In December 2014, a grand jury decided not to indict the police officer responsible for the death of Eric Garner, and protests erupted throughout the country. In Boston, the ruckus was captured by the Boston Police Department, and a year later, the BPD released their videos to MuckRock in response to a public records request. The materials were an interesting exhibit in the public record of what the police see when they see a protest.
We encouraged others to file their own requests for similar official footage in other cities.
In response, MuckRock user Christopher Thomas, of Unicorn Riot, an independent alternative news site, directed us to the events of April 29, 2015 in Denver. Freddie Gray had been arrested over two weeks before, on April 12, 2015, sustaining spinal injuries from which he died a week later. By the date of this particular Denver protest, Baltimore had been under riot-induced curfew for days.
The DPD’s footage from the April 29, 2015 solidarity march is a moving snapshot of an American moment, caught on film by the very people about whom the protesters are, well, protesting - evidence that they saw and heard you.
Unfortunately, it’s also an example of how the most official record in these situations can be woefully incomplete. Of the event, the major outrageous talking point was the pepper spraying of the crowd, including a 12-year-old whose experience of police use-of-force was captured on camera by one of the protest’s attendees.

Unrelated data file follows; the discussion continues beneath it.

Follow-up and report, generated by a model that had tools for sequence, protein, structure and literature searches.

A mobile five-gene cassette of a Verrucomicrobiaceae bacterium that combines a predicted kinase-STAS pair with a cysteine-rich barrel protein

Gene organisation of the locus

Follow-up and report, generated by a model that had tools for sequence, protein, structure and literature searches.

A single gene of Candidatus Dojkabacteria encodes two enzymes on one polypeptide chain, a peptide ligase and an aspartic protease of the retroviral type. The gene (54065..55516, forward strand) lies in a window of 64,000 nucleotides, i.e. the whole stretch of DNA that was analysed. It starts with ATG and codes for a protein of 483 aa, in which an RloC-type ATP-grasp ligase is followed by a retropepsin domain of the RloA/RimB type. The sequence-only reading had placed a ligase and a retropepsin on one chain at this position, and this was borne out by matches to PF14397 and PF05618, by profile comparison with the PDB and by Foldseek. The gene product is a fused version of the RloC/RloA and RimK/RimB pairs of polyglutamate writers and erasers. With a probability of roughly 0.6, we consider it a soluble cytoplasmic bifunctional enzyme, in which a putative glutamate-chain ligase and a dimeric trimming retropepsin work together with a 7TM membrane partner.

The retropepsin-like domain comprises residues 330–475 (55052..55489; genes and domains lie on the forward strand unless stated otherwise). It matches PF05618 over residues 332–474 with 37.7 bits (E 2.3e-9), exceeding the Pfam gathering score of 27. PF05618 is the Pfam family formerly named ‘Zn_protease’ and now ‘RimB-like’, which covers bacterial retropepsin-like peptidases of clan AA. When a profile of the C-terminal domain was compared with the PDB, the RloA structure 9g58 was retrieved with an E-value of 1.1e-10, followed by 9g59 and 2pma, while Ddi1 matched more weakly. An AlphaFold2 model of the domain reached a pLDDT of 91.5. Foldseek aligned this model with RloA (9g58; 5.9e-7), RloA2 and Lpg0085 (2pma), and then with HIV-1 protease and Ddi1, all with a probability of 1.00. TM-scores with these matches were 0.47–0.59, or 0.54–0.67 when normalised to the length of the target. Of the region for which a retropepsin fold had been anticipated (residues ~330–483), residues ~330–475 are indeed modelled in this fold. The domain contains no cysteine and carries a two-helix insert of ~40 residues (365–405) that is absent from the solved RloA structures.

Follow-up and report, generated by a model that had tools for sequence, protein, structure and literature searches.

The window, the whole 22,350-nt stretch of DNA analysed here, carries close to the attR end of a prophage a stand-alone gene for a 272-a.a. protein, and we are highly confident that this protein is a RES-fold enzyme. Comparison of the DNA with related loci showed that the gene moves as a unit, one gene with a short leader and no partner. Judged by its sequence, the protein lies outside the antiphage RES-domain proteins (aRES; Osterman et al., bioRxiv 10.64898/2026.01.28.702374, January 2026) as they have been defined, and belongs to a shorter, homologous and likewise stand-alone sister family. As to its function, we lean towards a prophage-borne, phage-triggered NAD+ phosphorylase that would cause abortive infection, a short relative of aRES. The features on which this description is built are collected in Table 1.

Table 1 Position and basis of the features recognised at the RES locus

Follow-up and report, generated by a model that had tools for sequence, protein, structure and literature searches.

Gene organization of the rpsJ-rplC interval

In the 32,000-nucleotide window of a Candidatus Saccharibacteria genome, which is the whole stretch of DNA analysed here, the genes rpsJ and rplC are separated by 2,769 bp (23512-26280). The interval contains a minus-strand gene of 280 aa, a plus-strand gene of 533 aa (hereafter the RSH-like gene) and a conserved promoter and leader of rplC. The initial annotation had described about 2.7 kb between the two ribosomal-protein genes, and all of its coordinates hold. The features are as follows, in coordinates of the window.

But the DPD’s footage - which can be seen starting at the 1:22 mark in the YouTube clip - only captures 25 seconds of the moments before arrests began and the chemical agent was deployed.
In the clips shot before, most protesters can be seen proceeding peacefully, though a few are also clearly cursing and agitated. The DPD later pointed to the presence of first amendment-protected, albeit inflammatory, signs and the demeanor of some protesters as their justification for rightful use of pepper spray.
According to materials obtained by Unicorn Riot, the DPD response to complaints about their use of mace on children amounted to their own review of materials, including HALO surveillance footage not included in the release.
A separate request for those materials has been submitted.
There’s an obvious contrast between the footage caught by and of protesters at the scene of the protest - the police footage shows nothing of pepper spraying and begins again after the most combative moments have passed. The camera switches back on with the instructions that the scene be captured - referring to the tipped over police motorcycles and the detritus in the street - with no indication, or footage, of what actually caused it.
The DPD materials provide another indication of the importance of citizen camera footage in providing a fuller context to the official narrative.
Watch an edited cut of the footage embedded above or on YouTube, and check out the full publicly-released footage on the request page. Then let us know at firstname.lastname@example.org if there’s other footage you’d like to see or submit a request yourself.